Even though the recently struggling euro did rally a bit immediately following the Italian announcement, experts also appear suspicious of Italy's true belt-tightening intentions.

"I think the plan is just to forestall the international speculators," said Chmura Economics & Analytics Senior Economist Xiaobing Shuai. "[Despite a massive budget deficit], their situation was not as severe as Greece or Spain. I think they do not want to become a target."

Shuai as well as Zach Witton, an economist with Moody's Analytics, agree the austerity plan could help in boosting confidence in some semblance of European Union stability. However, that impact will only affect the U.S. economy and credit availability in indirect ways, such as keeping the euro from losing further value.

"The three-year civil service nominal wage freeze along with the across-the-board 10% cut in government departments have the potential to put downward pressure on imports—however, the U.S. is not among the top five sources of merchandise imports to Italy," said Witton. Additionally, the top U.S. exported products, related to the pharmaceutical and aircraft industries, are unlikely to be connected to spending from public sector employees.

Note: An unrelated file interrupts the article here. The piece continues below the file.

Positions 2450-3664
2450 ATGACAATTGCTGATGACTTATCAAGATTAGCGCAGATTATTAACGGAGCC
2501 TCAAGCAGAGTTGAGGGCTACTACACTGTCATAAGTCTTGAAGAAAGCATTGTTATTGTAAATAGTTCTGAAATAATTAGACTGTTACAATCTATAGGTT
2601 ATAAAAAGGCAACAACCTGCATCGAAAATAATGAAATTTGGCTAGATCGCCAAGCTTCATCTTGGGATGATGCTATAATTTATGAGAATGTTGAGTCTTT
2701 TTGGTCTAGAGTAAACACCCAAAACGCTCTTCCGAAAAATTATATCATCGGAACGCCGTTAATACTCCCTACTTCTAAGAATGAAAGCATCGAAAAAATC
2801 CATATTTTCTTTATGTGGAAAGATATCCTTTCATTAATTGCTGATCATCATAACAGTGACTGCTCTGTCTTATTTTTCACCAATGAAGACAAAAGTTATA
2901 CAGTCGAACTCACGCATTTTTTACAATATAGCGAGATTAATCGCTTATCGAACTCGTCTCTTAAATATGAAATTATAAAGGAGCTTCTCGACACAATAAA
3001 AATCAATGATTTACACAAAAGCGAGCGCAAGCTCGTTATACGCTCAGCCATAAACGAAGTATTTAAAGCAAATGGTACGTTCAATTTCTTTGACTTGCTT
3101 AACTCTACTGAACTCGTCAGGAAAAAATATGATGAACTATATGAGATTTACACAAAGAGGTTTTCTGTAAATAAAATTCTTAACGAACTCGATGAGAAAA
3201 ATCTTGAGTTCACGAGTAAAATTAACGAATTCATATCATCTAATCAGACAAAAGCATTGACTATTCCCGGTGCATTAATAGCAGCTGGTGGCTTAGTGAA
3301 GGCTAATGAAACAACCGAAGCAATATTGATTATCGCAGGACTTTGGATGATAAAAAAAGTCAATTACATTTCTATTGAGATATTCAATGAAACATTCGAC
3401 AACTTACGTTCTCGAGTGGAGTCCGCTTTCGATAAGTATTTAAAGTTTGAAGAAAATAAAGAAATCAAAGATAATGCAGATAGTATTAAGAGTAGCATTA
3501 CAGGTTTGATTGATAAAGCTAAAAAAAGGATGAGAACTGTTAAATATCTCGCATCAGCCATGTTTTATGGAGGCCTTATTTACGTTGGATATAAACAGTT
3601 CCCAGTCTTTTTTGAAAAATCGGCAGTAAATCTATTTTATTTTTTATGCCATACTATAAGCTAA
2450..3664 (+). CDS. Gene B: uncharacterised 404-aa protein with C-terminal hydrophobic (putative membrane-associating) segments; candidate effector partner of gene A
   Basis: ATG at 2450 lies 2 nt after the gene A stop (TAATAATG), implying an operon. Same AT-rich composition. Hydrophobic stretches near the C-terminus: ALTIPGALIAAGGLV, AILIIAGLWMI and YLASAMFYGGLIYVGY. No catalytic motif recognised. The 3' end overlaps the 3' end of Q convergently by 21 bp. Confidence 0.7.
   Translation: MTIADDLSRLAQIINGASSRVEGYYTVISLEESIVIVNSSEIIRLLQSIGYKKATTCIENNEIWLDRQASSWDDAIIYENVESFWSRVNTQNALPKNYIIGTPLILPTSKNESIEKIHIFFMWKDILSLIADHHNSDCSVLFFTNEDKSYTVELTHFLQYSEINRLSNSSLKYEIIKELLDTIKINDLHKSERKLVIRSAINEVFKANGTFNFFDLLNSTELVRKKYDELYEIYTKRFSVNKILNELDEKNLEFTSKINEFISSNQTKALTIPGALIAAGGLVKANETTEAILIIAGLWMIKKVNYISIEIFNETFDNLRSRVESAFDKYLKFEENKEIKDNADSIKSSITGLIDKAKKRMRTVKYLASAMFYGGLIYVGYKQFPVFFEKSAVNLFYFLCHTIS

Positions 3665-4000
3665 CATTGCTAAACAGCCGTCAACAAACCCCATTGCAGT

Witton added that credit flows coming from Italy are just as likely to be affected by what's occurring elsewhere than by the new austerity plan. "Italian banks will not start to ease credit conditions until investor concern about the Greek debt crisis spreading to other countries in the region subsides and Italy's economic recovery gains momentum," he noted.

Brian Shappell, NACM staff writer

Distressed Business Services

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GWRC Sends Letter to President Urging Repeal of 3% Withholding Tax

The Government Withholding Relief Commission (GWRC) recently sent a letter to President Barack Obama urging him to overturn a 3% withholding tax set to go into effect in 2012.

Enacted in 2005 as part of the Tax Increase Prevention and Reconciliation Act, the tax would require all federal, state and local governments to withhold 3% of nearly all of their contract payments, Medicare payments, farm payments and certain grants. The money generated from this tax would be used to pay down the tax gap, which is the $345 billion difference between taxes legally owed and taxes collected each year.

The National Association of Credit Management (NACM), included in the list of organizations that signed onto the GWRC's letter, has opposed the 3% withholding tax since its enactment. However, while NACM and the rest of the GWRC have lobbied for a full repeal of the tax, Congress has instead delayed its application, most recently in February 2009 when a provision of the American Recovery and Reinvestment Act (ARRA) delayed the tax until January 1, 2012.